A Tale of Two National Days

Today is July 4th, the anniversary of the American Declaration of Independence. It is probably due to the now all-consuming American influence that we so often to try to understand our own history in terms of American analogues. We reach for Canada’s ‘Independence Day,’ for Canada’s ‘first prime minister,’ and other non-existent singular events because so many Canadians are thoroughly convinced that our history must follow or echo the American archetype, regardless if it really does or not.

Canada Day, formerly Dominion Day, was on July 1st. In the Canadian public imagination, we like to say that Canada ‘became a country’ on that day, in 1867. Now, Confederation took effect on that day, forming more or less the modern federal state.

But did Canada really become a country on July 1st, 1867? The country wasn’t independent; indeed Confederation was driven in part from the desire of many to remain in the British Empire. The British Parliament could still make binding law (though it rarely did), the British Judicial Committee of the Privy Council was Canada’s final court, and as Sir John A. Macdonald put it, “A British subject I was born, a British subject I will die.”

Confederation brought neither parliamentary government (1848), nor independence (1931), nor final constitutional sovereignty (1982). Nor was it even the first Canadian unification attempt. It was a significant event, but not the only significant event. The Canadian state and Canadian society were built up in multiple stages.

The American example is enticing perhaps because of its deceptive simplicity. For the Americans, the Founding is a whole and discrete historical event. In the American popular tradition, the Great Republic was formed within a well-defined time (17751789). The revolution was driven, achieved, and consolidated by largely the same group of actors (the rebel Founding Fathers). Over this time, those actors developed and broadcast an opposing political ideology to the old empire in response to real and perceived imperial abuses, achieved secession from the empire by war, cobbled together a confederal union, and then redesigned that union into its modern federal form. Overall, an impressive achievement.

History is rarely so compact and sharply defined. And in truth, the American historical tale itself is less straight forward then its popular recollection would lead you to believe. As with all great events, there were many more actors, ideas, and forces at play behind the scenes. But the American Founding mythos appears so complete, so clear-cut, its legends so broadly known by English-speakers everywhere, that we accept it as such. To modern English Canadians, America is normal, and if Canada differs from it, then it is Canada and not America that is the anomaly.

As usual when we restrict our horizons to just North America, our sense of being weird isn’t true. Abroad, national commemorations are rarely so all-encompassing as American Independence Day. France’s Bastille Day simply commemorates one notable event in the French Revolution. The French republic that rose during that revolution didn’t last; France has had two empires, two traditional monarchies, and four more republics since. The United Kingdom doesn’t even really have a national day per se, though each constituent nation observes feast days for their patron saints (Québec has one of those as well). The UK’s historical development owes more to an accretion of institutions then any one major revolutionary process, and its calendar of commemorative days mirrors that fact.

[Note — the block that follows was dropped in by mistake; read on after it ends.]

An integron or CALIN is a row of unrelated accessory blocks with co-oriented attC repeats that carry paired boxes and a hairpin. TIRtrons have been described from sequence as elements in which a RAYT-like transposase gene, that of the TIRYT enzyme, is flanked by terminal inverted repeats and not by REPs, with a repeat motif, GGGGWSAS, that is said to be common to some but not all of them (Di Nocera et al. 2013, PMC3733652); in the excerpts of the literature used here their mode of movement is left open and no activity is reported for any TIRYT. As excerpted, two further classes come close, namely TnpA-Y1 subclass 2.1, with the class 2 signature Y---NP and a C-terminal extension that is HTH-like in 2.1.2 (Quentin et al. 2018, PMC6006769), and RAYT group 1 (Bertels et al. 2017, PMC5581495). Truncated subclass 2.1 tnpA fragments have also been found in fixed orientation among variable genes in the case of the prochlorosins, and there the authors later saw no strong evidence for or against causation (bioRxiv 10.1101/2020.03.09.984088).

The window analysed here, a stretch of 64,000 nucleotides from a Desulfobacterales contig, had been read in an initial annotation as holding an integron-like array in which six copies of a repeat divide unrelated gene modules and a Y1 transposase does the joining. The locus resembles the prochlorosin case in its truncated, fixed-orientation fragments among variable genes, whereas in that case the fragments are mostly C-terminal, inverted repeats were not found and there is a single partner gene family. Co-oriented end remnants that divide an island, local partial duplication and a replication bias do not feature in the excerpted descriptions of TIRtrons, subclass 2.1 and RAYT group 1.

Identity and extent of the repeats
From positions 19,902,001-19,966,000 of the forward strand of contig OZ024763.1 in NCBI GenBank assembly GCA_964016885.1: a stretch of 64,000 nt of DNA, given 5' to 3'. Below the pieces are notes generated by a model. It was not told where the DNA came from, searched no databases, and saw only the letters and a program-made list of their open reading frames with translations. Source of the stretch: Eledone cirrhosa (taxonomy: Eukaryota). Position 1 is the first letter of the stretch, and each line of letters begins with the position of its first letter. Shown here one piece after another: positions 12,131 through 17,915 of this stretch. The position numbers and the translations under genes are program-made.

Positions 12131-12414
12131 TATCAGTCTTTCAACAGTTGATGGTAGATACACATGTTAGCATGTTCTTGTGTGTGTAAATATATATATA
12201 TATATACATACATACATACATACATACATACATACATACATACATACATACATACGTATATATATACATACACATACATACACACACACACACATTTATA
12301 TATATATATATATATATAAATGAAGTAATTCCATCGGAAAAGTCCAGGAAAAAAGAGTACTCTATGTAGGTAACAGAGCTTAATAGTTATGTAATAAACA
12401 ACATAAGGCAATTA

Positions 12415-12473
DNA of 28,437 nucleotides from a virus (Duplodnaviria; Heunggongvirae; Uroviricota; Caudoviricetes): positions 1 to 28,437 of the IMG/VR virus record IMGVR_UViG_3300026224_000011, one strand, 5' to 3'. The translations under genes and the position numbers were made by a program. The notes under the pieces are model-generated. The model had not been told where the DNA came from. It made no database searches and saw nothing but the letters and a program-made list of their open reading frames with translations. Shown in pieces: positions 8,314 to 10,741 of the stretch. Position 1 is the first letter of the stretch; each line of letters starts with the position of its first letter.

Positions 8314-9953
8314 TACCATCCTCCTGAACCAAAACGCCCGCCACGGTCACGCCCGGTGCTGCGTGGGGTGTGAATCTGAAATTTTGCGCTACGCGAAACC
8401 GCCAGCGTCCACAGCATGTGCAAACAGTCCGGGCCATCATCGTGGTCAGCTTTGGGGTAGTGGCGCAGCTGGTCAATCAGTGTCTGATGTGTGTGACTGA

Countries that have decolonized or otherwise seceded usually have a generic Independence Day that is largely about nationalism and, well, independence.

Older countries tend to celebrate the rise of the most recent regime, with maybe some nods to times long gone. China celebrates the rise of one Communist regime on October 1st, Russia now marks the effective demise of another on June 12th. India’s Independence Day is strictly about independence, it also has a Republic Day that celebrates the current constitution. Ethiopia, an ancient African state, celebrates a self-explanatory Derg Downfall Day on May 28th.

Japan probably has the oldest event on the calendar, and one of the few to reference a legendary figure: National Foundation Day, on February 11th, the alleged date that the legendary first emperor Jimmu was crowned, in 660 BCE. That guy goes so far back that there aren’t any remaining contemporary accounts of him, hence the legendary qualifier.

The point is, in terms of singular overriding importance, American Independence Day is an outlier. It represents the beginning of a process that brought about in a relatively short time: independence, a certain political ideology, federation, and even a sort of national meaning. There are very few other commemorations that carry as much political or emotional weight. Canada represents the norm here, America is actually an oddity.

So Canada has its old run-of-the-mill Dominion Day, and America has its supercharged Independence Day.

Though I’ll concede to the Yanks… their pyrotechnics are always impressive.

Published by The Last Tory

Some random shmuck, no one important. Last of the old school Tory tradition, and chronicler of the kingdom's demise.

Leave a Reply

Fill in your details below or click an icon to log in:

WordPress.com Logo

You are commenting using your WordPress.com account. Log Out /  Change )

Twitter picture

You are commenting using your Twitter account. Log Out /  Change )

Facebook photo

You are commenting using your Facebook account. Log Out /  Change )

Connecting to %s

Create your website with WordPress.com
Get started
%d bloggers like this: